Apple Says Epic Games’ Developer Account Will Be Terminated in Two Weeks, Threatening the Viability of Games Built on Unreal Engine
Do I have to write about gigantic companies battling in a way that is shitty for everyone? I suppose I don’t — I am my own editor, for better and for worse, and it bums me out. Forgive me for not being invested in the plight of companies that make more money every day than I will see in my lifetime. But I am interested in its effects, and it is capital-i Important so here, begrudgingly, is the latest development.
Kate Cox, Ars Technica:
The new legal battle between game developer Epic and iPhone-maker Apple continues to heat up, as Epic says Apple will be cutting it off from the developer platform for Mac and iOS before the end of this month.
Epic wrote in a court filing (PDF) that Apple said its membership in the Developer Program will be terminated as of August 28. According to Epic, Apple’s move threatens not only Fortnite but also every game that uses Unreal Engine: “By August 28, Apple will cut off Epic’s access to all development tools necessary to create software for Apple’s platforms — including for the Unreal Engine Epic offers to third-party developers, which Apple has never claimed violated any Apple policy,” Epic said.
This sounds extraordinary — the Verge highlighted the word “catastrophic” in its headline — but, so far, it seems by the book:
Given that Apple is having a dispute with the way payments are implemented in Fortnite and has no problem with Unreal Engine, there seems to be some confusion about why the latter would be affected by this dispute. It seems likely that both are managed under the same developer account, so if that account is terminated, it would lose the ability to sign anything.
The letter Apple sent Epic Games, which begins on page number 51 of the copy of the filing Cox posted, is not exactly a form letter, but similar wording can be found in other cases across the web. A fourteen-day timeframe to comply or appeal is typical for flagrant and repeated disregard of App Store policies. Apple has said that it treats all developers the same, though we know that is not strictly true. But, in this case, Apple’s ultimatum is in line with precedent.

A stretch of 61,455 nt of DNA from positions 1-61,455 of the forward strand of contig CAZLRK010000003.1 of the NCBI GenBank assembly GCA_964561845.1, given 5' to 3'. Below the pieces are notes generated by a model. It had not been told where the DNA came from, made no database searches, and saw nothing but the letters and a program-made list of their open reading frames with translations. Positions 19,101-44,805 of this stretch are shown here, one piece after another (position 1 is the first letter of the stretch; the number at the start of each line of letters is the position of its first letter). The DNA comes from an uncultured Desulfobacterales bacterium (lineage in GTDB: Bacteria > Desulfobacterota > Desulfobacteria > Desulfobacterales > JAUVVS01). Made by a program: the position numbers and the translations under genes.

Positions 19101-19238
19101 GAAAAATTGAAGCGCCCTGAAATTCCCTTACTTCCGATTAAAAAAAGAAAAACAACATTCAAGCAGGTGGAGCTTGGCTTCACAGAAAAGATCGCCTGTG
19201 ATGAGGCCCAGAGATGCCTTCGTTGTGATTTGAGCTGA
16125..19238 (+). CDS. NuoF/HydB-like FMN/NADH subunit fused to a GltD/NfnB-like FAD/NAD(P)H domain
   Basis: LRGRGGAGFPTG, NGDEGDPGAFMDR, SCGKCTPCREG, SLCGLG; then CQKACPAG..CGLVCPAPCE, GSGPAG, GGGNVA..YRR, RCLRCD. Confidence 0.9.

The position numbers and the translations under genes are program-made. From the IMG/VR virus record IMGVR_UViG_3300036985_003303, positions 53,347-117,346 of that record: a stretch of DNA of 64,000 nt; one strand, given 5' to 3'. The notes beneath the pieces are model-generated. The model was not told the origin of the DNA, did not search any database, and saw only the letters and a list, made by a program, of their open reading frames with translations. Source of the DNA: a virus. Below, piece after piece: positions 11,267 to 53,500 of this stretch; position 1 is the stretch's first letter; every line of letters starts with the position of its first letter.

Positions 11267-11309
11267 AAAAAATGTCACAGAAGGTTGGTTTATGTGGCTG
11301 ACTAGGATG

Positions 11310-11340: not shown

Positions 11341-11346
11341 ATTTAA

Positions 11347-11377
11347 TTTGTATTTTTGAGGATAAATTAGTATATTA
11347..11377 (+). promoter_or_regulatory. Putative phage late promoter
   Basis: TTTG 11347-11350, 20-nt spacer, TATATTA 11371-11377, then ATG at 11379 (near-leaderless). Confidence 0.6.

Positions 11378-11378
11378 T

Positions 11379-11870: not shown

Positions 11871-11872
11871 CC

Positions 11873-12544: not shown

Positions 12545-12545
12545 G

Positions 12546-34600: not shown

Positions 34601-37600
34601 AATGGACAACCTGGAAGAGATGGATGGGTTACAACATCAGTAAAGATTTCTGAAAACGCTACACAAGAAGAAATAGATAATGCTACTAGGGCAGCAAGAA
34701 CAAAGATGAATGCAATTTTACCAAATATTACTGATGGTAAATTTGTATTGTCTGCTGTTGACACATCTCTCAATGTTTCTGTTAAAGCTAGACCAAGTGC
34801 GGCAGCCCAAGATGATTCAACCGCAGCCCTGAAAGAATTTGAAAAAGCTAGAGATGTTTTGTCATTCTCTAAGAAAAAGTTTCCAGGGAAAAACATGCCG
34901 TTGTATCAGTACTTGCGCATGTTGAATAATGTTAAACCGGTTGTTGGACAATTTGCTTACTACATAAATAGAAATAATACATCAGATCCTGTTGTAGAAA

Apple lays out explicitly prohibited behaviours for its App Store. Epic Games knowingly violated those terms. Apple responded as it would if any developer submitted an app that, after approval, enabled a workaround for Apple’s in-app payment mechanism. Now we’re all supposed to be upset?
If anything, this teaches us that those who run platforms ought to behave responsibly. That goes for Apple; it is also true for Epic Games, as it decided to embark on this public relations battle and lawsuit with little regard for all of the developers that rely on Unreal Engine.
So, is all of this to say that Apple is the hero in this situation? Oh hell no; on a PR basis alone this is a terrible move. Epic Games is portraying it as the nuclear option in the filing, though it should be noted that it carefully avoids saying that it could simply resubmit its app in a way that follows the rules.
Those rules are what is at stake here. So far, my argument that Apple was playing by the book is based on the notion that the book is accurate and can be trusted. Epic is arguing that these rules are deeply flawed and, to prove it, it is possible that it was forced to break the rules. That doesn’t absolve the company of rule-breaking; it’s just that none of the effects of the last several days should be a surprise. Epic is probably right that Apple should have changed the App Store rules. What surprises me is that a company as notoriously controlling as Apple might be required to let lawyers and judges make those changes instead of doing so of its own volition.